As a woman who grew up knowing I wanted to be a part of the agricultural industry, I never looked at myself and thought I was limited because of my gender. I never even saw agriculture as necessarily male-dominated or as a field where I couldn’t work alongside my male counterparts as equals. I loaded cattle onto a trailer and shoveled manure alongside my parents, my sister and my brothers; I led, volunteered and competed with young women and men in my high school FFA chapter; and today I partner with working men and women throughout North America in my role with AgCareers.com. I have simply always seen myself working as an individual every day to better the world somehow through my efforts, and agriculture seemed like a fulfilling and fun way for me to do just that.
It was only during a persuasion course during my pursuit of my undergraduate degree that I was opened to the generalization (arguably fact) that men are often better compensated for their work than women. Agriculture was one of the mentioned industries during that day’s study.
Carolyn Lee is AgCareers.com’s Account Manager for Western Canada. She covers the west coast of Canada through Saskatchewan. Carolyn also manages partnership clients in the upper Midwest United States and handles Compensation Benchmark Review (CBR) sales in Canada. She has been with AgCareers.com for just over four years and works out of the Guelph, Ontario office.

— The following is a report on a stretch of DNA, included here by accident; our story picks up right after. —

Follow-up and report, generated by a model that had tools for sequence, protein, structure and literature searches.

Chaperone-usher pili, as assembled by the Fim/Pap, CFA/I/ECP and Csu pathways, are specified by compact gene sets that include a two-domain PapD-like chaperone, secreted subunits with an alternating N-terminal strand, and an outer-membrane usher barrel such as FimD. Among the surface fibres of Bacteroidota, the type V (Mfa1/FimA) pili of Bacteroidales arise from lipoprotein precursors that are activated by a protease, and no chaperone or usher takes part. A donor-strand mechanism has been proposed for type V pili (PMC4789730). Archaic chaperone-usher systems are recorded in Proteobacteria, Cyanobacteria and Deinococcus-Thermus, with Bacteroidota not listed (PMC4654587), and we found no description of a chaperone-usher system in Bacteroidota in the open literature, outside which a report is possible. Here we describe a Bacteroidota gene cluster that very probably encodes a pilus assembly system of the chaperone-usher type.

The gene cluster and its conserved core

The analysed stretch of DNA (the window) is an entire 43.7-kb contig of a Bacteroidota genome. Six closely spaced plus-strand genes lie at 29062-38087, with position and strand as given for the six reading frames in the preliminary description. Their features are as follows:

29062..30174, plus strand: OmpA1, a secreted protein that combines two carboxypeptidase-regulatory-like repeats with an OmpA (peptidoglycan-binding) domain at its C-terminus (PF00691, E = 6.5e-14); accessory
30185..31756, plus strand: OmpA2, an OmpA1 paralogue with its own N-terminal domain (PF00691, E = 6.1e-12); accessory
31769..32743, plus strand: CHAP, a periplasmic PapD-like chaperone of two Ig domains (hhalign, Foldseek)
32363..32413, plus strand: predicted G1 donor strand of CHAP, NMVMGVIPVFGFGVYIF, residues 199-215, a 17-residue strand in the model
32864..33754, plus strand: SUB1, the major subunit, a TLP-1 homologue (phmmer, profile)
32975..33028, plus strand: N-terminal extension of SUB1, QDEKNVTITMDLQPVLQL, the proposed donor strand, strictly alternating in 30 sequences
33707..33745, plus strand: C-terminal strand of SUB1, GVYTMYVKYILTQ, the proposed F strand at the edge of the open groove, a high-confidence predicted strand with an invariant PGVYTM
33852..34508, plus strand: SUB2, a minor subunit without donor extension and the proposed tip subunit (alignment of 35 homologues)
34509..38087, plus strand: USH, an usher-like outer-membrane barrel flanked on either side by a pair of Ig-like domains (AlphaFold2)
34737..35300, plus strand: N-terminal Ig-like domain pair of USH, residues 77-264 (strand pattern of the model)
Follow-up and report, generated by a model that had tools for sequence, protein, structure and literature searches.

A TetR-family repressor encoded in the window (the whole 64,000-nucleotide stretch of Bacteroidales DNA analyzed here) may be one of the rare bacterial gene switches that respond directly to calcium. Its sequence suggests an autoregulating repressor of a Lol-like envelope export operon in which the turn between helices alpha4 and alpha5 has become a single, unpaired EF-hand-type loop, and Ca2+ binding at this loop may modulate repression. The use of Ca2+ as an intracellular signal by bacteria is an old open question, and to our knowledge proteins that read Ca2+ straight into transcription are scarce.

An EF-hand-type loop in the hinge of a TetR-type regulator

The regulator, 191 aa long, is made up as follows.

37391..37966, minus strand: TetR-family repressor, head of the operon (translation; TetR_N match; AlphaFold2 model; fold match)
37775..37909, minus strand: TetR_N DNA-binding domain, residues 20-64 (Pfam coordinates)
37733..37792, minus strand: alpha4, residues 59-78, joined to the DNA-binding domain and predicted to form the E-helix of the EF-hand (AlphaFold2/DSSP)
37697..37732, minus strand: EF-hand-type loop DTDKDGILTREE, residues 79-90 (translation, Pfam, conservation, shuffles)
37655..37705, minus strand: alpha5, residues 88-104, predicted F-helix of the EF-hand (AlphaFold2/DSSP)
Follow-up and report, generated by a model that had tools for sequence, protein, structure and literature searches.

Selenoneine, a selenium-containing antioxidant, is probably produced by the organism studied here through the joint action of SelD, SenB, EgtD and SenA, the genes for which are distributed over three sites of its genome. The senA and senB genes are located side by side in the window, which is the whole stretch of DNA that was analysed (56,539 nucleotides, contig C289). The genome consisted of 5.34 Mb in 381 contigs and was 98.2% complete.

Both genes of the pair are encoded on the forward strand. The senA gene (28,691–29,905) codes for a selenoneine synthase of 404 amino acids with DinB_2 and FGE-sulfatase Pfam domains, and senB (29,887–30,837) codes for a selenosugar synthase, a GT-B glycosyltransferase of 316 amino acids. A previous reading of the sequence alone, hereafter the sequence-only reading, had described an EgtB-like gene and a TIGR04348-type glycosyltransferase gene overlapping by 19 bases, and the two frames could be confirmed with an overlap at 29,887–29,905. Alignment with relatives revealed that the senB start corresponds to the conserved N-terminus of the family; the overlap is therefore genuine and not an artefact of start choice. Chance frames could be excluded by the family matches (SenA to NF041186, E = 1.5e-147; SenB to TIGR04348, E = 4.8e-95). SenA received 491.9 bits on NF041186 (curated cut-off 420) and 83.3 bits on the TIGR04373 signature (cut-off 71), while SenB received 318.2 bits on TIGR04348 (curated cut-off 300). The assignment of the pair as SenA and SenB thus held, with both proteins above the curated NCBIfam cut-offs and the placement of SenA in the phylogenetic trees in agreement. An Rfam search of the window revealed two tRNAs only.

What do you do on a day-to-day basis?
My day consists of being on the phone quite a bit, usually with our partner clients or smaller companies who sign up on the site from Western Canada. I maintain optimum customer service for all of our clients, whether by phone or email. I also spend time corresponding with our team members, especially Beth [Hales, Director of Client Relations for AgCareers.com]. Even though I also take care of CBR sales in Canada, once it’s completed, I usually pass it on to Mary [Barefoot, Director of HR Services].
What do you enjoy most about working with AgCareers.com?
It’s a very satisfying job in that I enjoy working with our partnership clients. They post all of their jobs on our site. When I hear how many people they do hire or interview through our site, it’s rewarding to really know that that’s what we do and that we deliver that service. Sometimes we’re only posting one job with the other clients, and they don’t necessarily give that feedback. I build relationships with our partnership clients and we get that feedback where I know how successful our program is for that client. Also, when I’m able to solve a technology problem, that’s pretty satisfying as well.
One of our strategies for 2015 at AgCareers.com included the addition of a couple of “blogs” to our social media arsenal. Viola, now we have Talent Harvest, our blog for HR Professionals, and Career Cultivation for all levels of talent. While we have been talking about it for a couple of years, I must admit I really did not understand exactly what a blog was until early this year. While doing a little homework to educate myself, I fund the following definition: “Blogs serve as tools to deliver timely information with a personal touch in an informal or conversational style.”
When you conduct searches on the Internet for information, you will likely land on something interesting and not even realize that you have just read a blog. The cool thing about blogs is that you can subscribe (via email) to select blogs of interest and you will receive routine update notifications. There are literally thousands of blogs out there! Just Google some of the following: wine blogs, pet blogs, food blogs, vacation blogs, etc. and you will find all sorts. For our Human Resource and Recruiting professional friends, I would like to share a few blogs that I subscribe to and enjoy reading: